Real Life: Albert Brooks’ Impressive Debut, Starring Charles Grodin

In Real Life, Albert Brooks’s debut, the writer-director-actor plays a comedian turned “cinema-verite” director setting out to record a “typical” American family, and in the process succeeds in destroying what he’s studying.

The movie is so deft at showing how filmmaking could potentially and dangerously distort the very reality it purports to record, that it’s hard to watch family documentaries anymore without thinking of Real Life.

A satire aimed at revealing the truth about TV’s “slice-of-life” non-fictional fare, the movie was inspired by the PBS series An American Family. It illustrates the absurdity of TV’s reality mongers, from PBS’s cinema verite to CBS’s Charles Kuralt. Brooks scores off the pretensions of “realism” and the stuffiness of scientific techniques in sampling the “typical” family.

The “typical” family at the center of Real Life are the Yeagers (Charles Grodin and Frances Lee McCain), residents of Phoenix, Arizona.

Brooks records their daily functions as well as those of his own as a director: Real Life is a fictional movie about a real-life comic recording the ‘real life’ of fictional characters. With false reassurance, Brooks guarantees Mrs. Yeager on her way to see a gynecologist, that “I won’t film anything that’ll embarrass you, I couldn’t use it anyway, I’m locked into a PG.” Of course, everything goes wrong, and the gynecologist is infuriated, not so much over the invasion of his patient’s privacy, but because he already has had terrible experiences with a “60 Minutes” expose of “baby slave auctions.”

Real Life follows the adventures of a crew as they proceed in cinema verite and deadpan manner to pester the Yeagers’ lives, invade their privacy mercilessly. Brooks films the family from odd, unflattering angles, never allowing them a peaceful moment. Real Life is an account of one man’s crusade to capture “all the truth and wisdom that money can buy.” It never occurs to the fanatic director that he is warping reality. Assisted by a crew that wear their cameras over their heads, he captures the veterinary Dr. Yeager as he inadvertently kills a horse on the operating table. When the family falls into a deep depression, Brooks shows up in a clown outfit that only makes matters worse. A proponent of spontaneous, unrehearsed reality, he fails to see that his presence is pushing the family into nervous breakdown.

Brooks stubbornly claims that show business has a perfect right to be everywhere. But, finally, an exasperated studio chief (a disembodied phone voice played by real-life studio executive Jennings Lang) shuts down the project, sternly reminding Brooks that reality, like any other commodity, needs the right packaging to be sold. By the end, the Yeagers cling precariously to sanity.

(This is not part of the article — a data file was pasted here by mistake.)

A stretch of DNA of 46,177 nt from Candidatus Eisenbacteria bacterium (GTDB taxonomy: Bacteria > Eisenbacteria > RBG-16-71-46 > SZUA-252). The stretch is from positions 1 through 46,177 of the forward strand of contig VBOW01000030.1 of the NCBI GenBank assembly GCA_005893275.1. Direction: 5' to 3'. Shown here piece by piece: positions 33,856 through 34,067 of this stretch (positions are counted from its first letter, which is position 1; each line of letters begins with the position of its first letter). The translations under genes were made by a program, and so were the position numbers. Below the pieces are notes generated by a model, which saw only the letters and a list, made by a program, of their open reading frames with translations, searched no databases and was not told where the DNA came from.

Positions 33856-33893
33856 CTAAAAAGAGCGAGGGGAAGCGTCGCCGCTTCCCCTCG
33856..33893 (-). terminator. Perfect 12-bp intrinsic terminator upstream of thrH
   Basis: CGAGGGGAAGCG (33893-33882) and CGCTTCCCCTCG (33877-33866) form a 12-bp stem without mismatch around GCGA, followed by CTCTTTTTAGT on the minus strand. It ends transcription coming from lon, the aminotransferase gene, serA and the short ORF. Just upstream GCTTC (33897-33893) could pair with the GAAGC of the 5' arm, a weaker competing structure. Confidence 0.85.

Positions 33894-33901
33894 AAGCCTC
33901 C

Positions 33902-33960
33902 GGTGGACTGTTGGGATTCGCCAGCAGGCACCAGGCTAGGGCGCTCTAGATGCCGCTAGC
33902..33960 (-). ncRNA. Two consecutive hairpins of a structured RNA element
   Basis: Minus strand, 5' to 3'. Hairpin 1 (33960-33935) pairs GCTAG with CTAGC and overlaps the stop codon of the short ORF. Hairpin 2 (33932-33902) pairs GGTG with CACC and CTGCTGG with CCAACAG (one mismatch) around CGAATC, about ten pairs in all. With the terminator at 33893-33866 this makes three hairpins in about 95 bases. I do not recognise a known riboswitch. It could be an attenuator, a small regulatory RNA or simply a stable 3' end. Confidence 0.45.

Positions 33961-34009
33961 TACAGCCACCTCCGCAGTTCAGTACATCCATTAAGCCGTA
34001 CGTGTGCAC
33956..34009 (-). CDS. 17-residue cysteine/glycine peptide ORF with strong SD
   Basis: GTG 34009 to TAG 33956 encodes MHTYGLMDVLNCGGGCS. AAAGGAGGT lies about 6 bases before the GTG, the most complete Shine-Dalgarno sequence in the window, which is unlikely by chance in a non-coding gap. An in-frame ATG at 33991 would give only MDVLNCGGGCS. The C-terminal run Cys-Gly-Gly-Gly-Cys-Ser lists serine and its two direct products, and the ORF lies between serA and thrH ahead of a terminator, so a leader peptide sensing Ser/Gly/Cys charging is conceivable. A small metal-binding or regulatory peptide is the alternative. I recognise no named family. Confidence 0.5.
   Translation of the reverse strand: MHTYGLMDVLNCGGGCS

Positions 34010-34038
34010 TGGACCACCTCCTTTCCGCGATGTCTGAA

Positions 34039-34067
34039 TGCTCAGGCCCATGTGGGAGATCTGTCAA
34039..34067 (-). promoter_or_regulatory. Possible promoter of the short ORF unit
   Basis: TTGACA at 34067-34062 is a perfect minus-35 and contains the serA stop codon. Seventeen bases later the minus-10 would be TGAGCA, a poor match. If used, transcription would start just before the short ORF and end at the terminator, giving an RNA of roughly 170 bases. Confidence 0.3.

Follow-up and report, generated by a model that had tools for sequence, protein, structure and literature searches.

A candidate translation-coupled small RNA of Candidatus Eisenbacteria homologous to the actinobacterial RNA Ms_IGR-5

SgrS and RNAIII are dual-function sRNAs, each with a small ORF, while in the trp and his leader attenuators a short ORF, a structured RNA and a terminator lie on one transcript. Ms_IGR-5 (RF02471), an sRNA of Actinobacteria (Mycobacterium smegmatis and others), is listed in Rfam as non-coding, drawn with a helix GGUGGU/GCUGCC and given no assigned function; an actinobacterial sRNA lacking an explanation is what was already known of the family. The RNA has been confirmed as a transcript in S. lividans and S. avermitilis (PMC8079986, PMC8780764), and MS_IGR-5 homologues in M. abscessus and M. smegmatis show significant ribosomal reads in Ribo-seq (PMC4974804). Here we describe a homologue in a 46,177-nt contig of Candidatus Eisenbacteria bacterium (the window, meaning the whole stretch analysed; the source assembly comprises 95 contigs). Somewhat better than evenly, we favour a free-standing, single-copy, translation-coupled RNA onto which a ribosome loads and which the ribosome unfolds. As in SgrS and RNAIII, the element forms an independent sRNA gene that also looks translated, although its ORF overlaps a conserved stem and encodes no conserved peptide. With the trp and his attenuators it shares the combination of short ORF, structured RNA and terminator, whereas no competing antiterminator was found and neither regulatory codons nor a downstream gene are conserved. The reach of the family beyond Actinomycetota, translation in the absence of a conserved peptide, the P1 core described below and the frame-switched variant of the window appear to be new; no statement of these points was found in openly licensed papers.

The writing is inspired, with a wonderful opening sequence in which Brooks announces his project to a cross-section of Phoenix citizens, shamelessly flattering the banality of their lives, playing them the way Merv Griffin orchestrate his Vegas patrons. Brooks explains at the beginning of his film that his idea was to “depict day-to-day living in contemporary America, and at the same time hold a motion picture audience spellbound.” Rationalizing later why the project strayed so far from the original plan, he says: “There’s no law that says we can’t start real and end fake.” Brooks reveals a sophisticated ear for the double-talk of Hollywood self-promoters in an insider’s movie for audiences hip to the cliches of the media. Satirizing his own profession, Brooks is the type who fools everyone else with fake sincerity–“I’m a shallow guy,” he tells Mrs. Yeager as she begins to show interest in him.

Brooks has good comic insights, but his exposure of showbiz fakery is a series of routines. He’s still a stand-up comedian, whose relentless bursts of energy are extended riffs. Ultimately, Real Life feels like a 30-minute gag stretched to a one-note feature. Brooks’s performance doesn’t help much: he’s like an aggressive emcee who doesn’t know when to turn the show over to his guests. If Real Life is not as successful as it should be, it’s due to Brooks’ overwhelming ego; in future films, Brooks would give the other characters more space to maneuver.